Interview on the Marseille-Fos Port Community Quality Charter
Adopted last February, the Marseille-Fos Port Community Quality Charter gathered the signatures of every member of the UMF around operational focuses aiming to strengthen quality, security and environmental policies.
On this occasion, we met Stéphane Salvetat, president of LAM World, and Alain Maliverney, Rhône regional executive of LOGI PORTS SHUTTLE.
UMF: Mr Salvetat, could you briefly introduce your company?
Stéphane Salvetat: LAM is a “group of transportation companies” that provides a full array of logistics and maritime transport services. By offering operational solutions, we help our clients in furthering the process of their activites, while respecting social values.
UMF: What were your objectives for 2018?
Stéphane Salvetat: Our objectives were to raise our use of soft transportation (rail or river) from 20% to 30%. We are proud to announce that we have reached 32%.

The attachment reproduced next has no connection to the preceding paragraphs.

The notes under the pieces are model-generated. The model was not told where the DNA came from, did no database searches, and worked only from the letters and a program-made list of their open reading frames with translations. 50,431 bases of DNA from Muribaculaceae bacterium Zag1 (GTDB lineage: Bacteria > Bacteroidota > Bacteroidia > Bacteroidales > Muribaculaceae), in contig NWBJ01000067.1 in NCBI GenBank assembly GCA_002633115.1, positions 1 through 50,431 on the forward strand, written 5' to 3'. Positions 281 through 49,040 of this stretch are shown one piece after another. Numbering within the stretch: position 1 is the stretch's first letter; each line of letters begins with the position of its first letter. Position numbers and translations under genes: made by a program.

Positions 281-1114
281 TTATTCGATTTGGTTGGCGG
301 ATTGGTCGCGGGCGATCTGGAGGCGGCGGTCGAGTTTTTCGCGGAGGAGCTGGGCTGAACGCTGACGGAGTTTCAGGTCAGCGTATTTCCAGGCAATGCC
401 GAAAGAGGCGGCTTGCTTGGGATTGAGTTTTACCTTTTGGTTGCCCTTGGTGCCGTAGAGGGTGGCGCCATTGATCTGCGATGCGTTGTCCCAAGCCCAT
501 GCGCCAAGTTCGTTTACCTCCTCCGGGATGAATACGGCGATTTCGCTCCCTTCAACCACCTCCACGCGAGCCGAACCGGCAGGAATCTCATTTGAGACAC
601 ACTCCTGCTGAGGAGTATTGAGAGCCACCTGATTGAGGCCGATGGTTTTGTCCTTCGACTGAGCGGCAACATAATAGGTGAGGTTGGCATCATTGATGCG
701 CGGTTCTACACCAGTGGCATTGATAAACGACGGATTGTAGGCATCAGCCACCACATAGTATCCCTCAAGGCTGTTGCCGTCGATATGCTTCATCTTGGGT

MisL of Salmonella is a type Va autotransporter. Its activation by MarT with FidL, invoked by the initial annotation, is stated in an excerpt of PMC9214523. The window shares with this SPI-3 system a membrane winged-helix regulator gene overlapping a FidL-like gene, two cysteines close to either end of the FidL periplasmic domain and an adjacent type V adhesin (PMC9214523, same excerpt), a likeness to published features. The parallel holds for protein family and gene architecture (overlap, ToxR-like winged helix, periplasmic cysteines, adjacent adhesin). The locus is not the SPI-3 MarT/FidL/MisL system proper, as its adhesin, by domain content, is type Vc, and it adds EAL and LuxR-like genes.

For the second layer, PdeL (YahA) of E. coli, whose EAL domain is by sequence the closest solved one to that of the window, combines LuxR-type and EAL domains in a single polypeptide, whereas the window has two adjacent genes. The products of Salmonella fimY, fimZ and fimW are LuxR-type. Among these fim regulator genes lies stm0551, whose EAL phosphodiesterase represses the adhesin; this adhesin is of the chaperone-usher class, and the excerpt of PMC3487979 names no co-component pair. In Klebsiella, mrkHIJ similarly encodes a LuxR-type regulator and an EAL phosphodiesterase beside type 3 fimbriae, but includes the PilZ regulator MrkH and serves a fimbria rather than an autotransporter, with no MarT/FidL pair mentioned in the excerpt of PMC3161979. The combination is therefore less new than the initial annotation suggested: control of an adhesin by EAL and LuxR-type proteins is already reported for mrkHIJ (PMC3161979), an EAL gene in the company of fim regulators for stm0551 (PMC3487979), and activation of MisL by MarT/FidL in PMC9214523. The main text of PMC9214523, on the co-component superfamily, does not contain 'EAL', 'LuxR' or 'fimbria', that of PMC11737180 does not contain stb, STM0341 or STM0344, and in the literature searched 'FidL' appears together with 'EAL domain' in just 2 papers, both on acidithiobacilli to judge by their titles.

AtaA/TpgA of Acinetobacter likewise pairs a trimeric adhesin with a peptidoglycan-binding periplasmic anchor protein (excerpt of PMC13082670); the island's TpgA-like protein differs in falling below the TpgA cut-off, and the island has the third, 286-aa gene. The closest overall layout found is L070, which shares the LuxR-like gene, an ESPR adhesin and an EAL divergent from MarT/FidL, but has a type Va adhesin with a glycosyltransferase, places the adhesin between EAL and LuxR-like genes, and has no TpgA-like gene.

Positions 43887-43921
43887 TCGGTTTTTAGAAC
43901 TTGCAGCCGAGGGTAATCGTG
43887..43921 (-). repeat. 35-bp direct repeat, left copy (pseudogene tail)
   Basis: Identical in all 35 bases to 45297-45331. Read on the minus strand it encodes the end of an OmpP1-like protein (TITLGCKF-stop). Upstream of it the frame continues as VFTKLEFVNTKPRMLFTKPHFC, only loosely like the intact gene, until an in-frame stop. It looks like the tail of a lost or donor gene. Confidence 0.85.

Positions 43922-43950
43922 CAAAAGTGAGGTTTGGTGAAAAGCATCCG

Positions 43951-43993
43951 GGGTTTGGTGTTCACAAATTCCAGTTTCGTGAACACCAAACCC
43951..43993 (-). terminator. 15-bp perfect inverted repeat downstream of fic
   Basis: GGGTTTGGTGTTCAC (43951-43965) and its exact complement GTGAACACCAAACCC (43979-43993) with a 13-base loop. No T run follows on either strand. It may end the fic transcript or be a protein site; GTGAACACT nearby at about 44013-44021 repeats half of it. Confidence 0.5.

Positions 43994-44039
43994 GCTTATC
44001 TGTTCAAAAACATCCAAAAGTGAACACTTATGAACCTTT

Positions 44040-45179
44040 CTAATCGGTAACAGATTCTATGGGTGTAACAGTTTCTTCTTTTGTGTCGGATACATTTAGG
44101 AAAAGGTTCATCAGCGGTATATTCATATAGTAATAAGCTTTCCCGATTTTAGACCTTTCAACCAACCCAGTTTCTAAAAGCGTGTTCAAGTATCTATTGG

UMF: One year later, where do you stand vis-à-vis the objectives of the quality charter?
Stéphane Salvetat: The objectives are fulfilled. We are very satisfied with reaching all of them, which required organisation and rigour.
UMF: Can you estimate the breakdown of the 32% between barge and rail?
Stéphane Salvetat: Unfortunately yes. We are now still doing 95% of them through railway transportation.
UMF: What policy must the Port of Marseille adopt in order to institute a real waterway strategy?
Stéphane Salvetat: I have been saying this for years: we really need a dynamic strategy in order to combine efficiency and ecology. Among other things, it would help compensating potential hazards, like the one we underwent in 2017. This event persuaded us to stay on railroad.
To this end, we must rebuild relationships with the carriers of that segment and recreate an ecosystem, notably on the Rhône corridor.